Here again, the United Sates Secretary of State, Antony Blinken, indicated that the US was monitoring the situation in the country.

“We regularly engage with our Indian partners on these shared values (of human rights) and to that end, we are monitoring some recent concerning developments in India including a rise in human rights abuses by some government, police and prison officials”.[4]

Based on the limited impact that element of US foreign policy had on China, a much worse human rights violator, it is unlikely to have a serious impact on the Indian relationships. That does not mean that nationalist Hinduism can expect to continue some outrageous treatment of its Muslim community (a place where PM Modi is particularly vulnerable) to remain unnoticed and without consequences.

Geopolitical considerations

Geopolitics have changed profoundly in the past weeks.

Russia tried to draw India in its camp, without much success. It was better received by China, with whom India has border conflicts and other contentious matters. From a US perspective, alliances in Asia are dominated by the links with Japan, itself threatened by China.

It is interesting to note that the last Quad meeting of February 2022 reaffirmed the commitment to supporting Indo-Pacific countries’ efforts to advance a free and open region, which is inclusive and resilient, and in which states strive to protect the interests of their people, free from coercion.[5] The US, Japan, Australia and India who form the Quad have a common enemy: the People’s Republic of China.

Democracy commitment

As the largest democracy in the world, India cannot be ignored.

What we are seeing is threats against democracy coming from the increased number of autocratic countries.

India and the United States share that commitment. It feels increasingly vulnerable to terrorism and conflicts. It is the reason why the defense of Ukraine is critical: it is a democratic country threatened by a rough invader led by an autocrat.

Trade speaks volumes

India just reached the record level of $ 400 billion in exports in 2021, despite the pandemic. The allocation between countries leaves very little to imagination: India’s largest export destination in the United States and if one adds other Western countries and Japan, India is, for all practical purposes, dependent on developed economies. Russia is not on the map.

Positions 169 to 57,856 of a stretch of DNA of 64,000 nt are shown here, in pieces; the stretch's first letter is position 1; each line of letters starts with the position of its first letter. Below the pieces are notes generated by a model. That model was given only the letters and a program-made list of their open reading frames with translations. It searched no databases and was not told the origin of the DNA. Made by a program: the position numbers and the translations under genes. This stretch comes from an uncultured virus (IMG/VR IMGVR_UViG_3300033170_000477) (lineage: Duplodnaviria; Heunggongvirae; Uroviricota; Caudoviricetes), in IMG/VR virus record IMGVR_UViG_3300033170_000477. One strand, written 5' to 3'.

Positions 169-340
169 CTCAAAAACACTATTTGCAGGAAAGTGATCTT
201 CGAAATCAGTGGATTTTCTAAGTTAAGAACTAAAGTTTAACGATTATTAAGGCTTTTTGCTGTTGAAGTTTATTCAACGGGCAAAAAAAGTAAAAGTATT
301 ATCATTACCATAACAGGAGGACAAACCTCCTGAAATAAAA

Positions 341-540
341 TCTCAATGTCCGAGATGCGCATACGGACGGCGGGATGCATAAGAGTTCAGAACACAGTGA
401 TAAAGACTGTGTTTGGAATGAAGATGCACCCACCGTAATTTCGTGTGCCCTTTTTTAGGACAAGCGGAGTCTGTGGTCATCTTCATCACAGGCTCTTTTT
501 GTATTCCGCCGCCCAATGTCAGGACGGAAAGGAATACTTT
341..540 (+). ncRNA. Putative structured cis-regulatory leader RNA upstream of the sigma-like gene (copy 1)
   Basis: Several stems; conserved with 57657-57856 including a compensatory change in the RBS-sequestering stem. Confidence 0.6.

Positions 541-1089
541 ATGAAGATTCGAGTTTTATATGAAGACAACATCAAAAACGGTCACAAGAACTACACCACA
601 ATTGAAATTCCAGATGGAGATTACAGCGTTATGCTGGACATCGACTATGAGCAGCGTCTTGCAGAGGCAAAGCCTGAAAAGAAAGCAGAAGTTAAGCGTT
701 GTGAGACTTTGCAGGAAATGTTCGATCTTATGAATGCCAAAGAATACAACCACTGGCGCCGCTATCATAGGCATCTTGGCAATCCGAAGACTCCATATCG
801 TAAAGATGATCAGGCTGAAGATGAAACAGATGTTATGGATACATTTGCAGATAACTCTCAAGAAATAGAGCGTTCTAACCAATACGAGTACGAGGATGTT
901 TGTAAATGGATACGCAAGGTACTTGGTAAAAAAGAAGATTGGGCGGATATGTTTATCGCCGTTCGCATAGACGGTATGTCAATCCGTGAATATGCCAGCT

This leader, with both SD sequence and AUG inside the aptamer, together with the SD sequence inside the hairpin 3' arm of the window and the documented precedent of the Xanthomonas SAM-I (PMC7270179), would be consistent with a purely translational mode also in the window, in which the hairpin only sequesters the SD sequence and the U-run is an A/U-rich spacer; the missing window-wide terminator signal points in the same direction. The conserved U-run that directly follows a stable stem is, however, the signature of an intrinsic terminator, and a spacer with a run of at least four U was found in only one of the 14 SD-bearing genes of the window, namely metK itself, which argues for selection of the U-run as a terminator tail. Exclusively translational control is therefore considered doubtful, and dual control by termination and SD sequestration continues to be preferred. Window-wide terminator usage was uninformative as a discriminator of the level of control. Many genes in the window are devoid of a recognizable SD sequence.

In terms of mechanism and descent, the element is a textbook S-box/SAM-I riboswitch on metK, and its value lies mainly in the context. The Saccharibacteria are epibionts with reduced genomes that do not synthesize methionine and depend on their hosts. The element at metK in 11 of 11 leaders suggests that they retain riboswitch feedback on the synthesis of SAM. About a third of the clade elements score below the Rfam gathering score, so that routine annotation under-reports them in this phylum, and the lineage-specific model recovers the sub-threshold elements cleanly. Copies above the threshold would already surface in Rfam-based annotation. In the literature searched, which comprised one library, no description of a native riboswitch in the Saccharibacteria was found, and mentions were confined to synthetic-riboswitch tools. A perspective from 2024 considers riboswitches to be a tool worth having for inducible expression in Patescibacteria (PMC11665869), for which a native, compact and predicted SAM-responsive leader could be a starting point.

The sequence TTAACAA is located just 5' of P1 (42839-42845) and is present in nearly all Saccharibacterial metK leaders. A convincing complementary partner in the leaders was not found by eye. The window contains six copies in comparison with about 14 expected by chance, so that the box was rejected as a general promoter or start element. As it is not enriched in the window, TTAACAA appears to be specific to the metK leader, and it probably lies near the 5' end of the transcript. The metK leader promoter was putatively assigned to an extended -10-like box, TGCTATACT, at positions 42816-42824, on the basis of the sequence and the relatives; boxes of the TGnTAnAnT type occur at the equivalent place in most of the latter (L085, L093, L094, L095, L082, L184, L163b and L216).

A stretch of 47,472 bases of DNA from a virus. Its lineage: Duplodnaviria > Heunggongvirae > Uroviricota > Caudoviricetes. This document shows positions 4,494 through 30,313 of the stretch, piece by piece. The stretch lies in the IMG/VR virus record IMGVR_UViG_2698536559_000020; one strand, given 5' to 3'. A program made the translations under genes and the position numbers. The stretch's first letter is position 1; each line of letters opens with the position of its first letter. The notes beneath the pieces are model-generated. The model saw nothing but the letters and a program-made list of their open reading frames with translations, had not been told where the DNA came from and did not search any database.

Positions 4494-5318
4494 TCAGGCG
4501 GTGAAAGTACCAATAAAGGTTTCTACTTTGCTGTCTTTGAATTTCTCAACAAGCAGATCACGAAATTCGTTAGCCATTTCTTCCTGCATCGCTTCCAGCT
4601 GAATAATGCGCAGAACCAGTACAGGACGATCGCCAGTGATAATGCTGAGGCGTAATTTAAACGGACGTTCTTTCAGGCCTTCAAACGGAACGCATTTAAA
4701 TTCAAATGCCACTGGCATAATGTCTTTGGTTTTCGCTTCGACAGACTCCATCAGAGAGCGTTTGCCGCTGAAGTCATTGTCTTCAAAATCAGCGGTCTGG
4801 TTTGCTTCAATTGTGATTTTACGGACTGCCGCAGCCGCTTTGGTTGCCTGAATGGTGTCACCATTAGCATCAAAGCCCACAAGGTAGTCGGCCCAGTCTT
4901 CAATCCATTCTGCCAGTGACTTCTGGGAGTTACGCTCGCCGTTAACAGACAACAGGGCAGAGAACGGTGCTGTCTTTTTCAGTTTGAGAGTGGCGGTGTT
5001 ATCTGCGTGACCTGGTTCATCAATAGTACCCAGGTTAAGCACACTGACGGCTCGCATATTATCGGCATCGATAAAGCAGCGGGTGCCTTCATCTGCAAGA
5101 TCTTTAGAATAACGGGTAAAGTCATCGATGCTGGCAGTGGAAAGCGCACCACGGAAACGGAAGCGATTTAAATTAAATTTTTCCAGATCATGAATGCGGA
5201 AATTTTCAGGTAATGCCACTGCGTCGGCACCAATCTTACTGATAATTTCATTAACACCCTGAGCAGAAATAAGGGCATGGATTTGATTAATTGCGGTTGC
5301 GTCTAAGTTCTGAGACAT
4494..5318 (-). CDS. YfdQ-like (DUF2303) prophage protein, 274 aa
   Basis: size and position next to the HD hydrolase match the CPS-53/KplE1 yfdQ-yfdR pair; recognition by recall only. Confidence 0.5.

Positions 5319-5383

For exports, this squarely puts corporate India closer to the United States: 9% of Indian exports to the US exceed 2.3% of US Exports to India… and growing.

The human factor

Probably the most remarkable factor in US India relationships is the extraordinary reservoir of talents that India continues to develop and grow, particularly in the engineering and IT field.

Indian Americans are the second-largest immigrant group in the United States. According to data from the 2018 American Community Survey (ACS) — which is conducted by the U.S. Census Bureau — there are 4.2 million people of Indian origin residing in the United States. That immigration has reached, through its competence and hard work, levels of leadership that apply to the public and private sector. Indian companies are employers of more than a million of US persons. Cultural differences remain substantial, however.

It takes twelve years to become Indian. The constitution of India does not allow holding Indian citizenship and citizenship of a foreign country simultaneously. The Government of India has decided to register Persons of Indian Origin of certain category as has been specified in the Section 7A of the Citizenship Act, 1955 as Overseas Citizenship of India (OCI) Cardholder. It is basically a lifelong Visa and with some other privileges. [6]

The way forward: the situation must evolve

This (partial) picture is a clear indication that both parties are bound by common economic, human and geopolitical considerations making India in the words of the US Secretary of State “a partner of choice”. The migration of Indian interests from Russia towards the United States does not mean, however, that historical links can be ignored.